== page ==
If aldermen adopt the amended Weapons Ordinance at their 6:30 p.m. Dec. 8 meeting, the discharge of arrows and/or bolts will be prohibited within the limits of the Village of Salado.
Alderman Dave Williams discussed the process for the recommended change to the current Firearms Ordinance, which will be renamed the Weapons Ordinance, during a Town Hall meeting attended by about a dozen citizens Dec. 5.
Several requests came in to the Village office asking for aldermen to make hunting deer with bows and arrows illegal in the Village.
The requests came after a Letter to the Editor of the Salado Village Voice in early fall by Dr. Lewis Raney stating that “Archery Season (Deer) opens Oct. 1 and ends Nov. 4 … “Yes, bow hunting in and around Salado is legal. Safety and shooting with caution is always the daily thought process. No one without training should be shooting in the city limits or highly populated areas!”
Dr. Raney in the letter pointed out that the limit per hunter is two does and two bucks. “I would encourage hunters to leave the beautiful bucks in our city. It is well known that this — Bow Hunting — is the cheapest way to help control the overpopulation of Deer. One company has advised us that their charge for sharpshooting will be $250 per deer. This does include processing for the needy. I would also encourage hunters in Bell County to donate as many of their deer as possible to the needy.”
Finally, Raney stated in the Letter to the Editor that the Texas Parks & Wildlife suggested “that Salado harvest 300 deer this year.”
“Although the City is working on plans,” he stated. “they don’t have the money to pay for such a task. Most of the harvest this year will need to be accomplished by individuals and professionals that volunteer.”
“Management of our overpopulation of white tails will be a yearly ongoing issue,” Dr. Raney stated in his letter.
Shortly after that letter appeared, Salado became pockmarked with “No Kill Zone” signs in the yards of local residents and businesses.
“Those signs were more of a political statement than anything else,” one resident said during the Town Hall meeting. “People are against bowhunting in the Village.”
“This isn’t about deer hunting,” Alderman Williams said. “This is about the discharge of bows and arrows in the Village.”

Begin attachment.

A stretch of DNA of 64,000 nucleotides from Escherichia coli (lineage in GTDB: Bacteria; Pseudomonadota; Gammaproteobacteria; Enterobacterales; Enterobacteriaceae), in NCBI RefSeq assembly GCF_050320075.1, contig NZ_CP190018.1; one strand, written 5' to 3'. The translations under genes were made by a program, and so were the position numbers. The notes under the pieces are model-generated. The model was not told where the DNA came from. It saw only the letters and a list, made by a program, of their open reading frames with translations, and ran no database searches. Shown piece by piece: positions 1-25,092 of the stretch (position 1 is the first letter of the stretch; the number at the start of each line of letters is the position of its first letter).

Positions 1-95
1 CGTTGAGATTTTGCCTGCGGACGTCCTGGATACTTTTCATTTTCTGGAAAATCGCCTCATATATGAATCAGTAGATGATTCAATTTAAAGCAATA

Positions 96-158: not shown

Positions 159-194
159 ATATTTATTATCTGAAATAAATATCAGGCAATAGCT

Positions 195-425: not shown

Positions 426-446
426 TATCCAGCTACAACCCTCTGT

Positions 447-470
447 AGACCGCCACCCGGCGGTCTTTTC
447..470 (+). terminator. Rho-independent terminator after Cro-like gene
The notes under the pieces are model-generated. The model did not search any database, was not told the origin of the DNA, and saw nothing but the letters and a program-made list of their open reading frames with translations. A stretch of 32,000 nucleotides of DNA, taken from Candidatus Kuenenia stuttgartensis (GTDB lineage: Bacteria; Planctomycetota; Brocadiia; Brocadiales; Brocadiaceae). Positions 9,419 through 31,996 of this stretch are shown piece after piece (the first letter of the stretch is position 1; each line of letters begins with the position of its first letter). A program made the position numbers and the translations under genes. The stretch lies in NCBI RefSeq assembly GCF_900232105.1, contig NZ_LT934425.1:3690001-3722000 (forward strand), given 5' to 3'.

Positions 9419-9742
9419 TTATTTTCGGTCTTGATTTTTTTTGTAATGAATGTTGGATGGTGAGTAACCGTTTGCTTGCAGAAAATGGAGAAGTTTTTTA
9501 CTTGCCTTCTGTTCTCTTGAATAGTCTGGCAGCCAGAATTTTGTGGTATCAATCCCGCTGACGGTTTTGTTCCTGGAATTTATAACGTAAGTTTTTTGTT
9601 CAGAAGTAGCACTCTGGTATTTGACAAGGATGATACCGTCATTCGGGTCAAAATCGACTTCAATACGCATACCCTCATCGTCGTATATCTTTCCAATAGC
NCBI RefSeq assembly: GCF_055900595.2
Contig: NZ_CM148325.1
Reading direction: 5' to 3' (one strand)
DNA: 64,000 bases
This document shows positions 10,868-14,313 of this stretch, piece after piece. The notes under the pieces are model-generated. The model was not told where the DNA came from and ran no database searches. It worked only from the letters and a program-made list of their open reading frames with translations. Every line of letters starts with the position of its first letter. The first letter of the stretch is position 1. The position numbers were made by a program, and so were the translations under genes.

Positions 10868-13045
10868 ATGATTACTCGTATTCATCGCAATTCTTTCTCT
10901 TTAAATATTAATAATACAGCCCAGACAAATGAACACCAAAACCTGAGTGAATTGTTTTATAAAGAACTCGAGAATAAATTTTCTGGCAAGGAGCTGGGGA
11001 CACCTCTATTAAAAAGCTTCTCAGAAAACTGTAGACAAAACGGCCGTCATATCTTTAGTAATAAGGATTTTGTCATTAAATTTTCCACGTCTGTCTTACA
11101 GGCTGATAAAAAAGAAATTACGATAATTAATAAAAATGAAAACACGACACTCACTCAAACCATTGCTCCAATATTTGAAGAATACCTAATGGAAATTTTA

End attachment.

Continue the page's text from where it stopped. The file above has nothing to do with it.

Other than the statement by Kathy Michaels in a Nov. 24 Letter to the Editor that she found five arrows on her Main Street property, there have been no complaints filed with the Village of Salado police about arrows crossing property lines. One complaint was made about a person who was target shooting on his own private property, but the arrows never crossed the property line.
Other anecdotal evidence of hunters has appeared across the social media spectrum, but little evidence of any actual deer hunting within the Village limits — especially illegal hunting across public roads and property lines as propagated by some social media posts — has appeared.
Police chief Jack Hensley told Salado Village Voice that he has had only one complaint of illegal deer hunting in the Village and it was not proved.
As fall moves into winter, residents have reported seeing fewer deer in the Village. Some have attributed this to the publicized and highly-discussed hunting of deer. However, according to grandviewoutdoors.com, the decrease in the sightings of deer in the fall and winter months is more likely attributable to the white tail deer’s instinct to survive the colder weather than to hunting within the Village.
“Whitetails will hide out in dense cover, preferably on the south side of steep hills, to shield themselves from cold,” the website states. “Cedar thickets or pine plantations are classic deer shelters.”
The regulation prohibiting the feeding of deer may have some effect on the numbers, or lack thereof, of deer being seen this fall. Proving that a decrease in the number of deer is attributable to the ban on feeding would be hard to do since there is no baseline number. The deer count conducted by Village volunteers was done after the deer feeding prohibition came into effect.
“Around prime feeding areas, so long as the food lasts, deer will yard-up, standing rump-to-shoulder in a maze of bodies,” the website states. If the prime feeding areas are no longer there, the deer will likely disperse in search of forage.
Regardless of evidence in either direction — that there is a lot of hunting going on in the Village or that there is no hunting going on in the Village — if aldermen adopt the changes Weapons Ordinance, it will in effect make hunting within the Village illegal (because it is already illegal to discharge a firearm of any kind).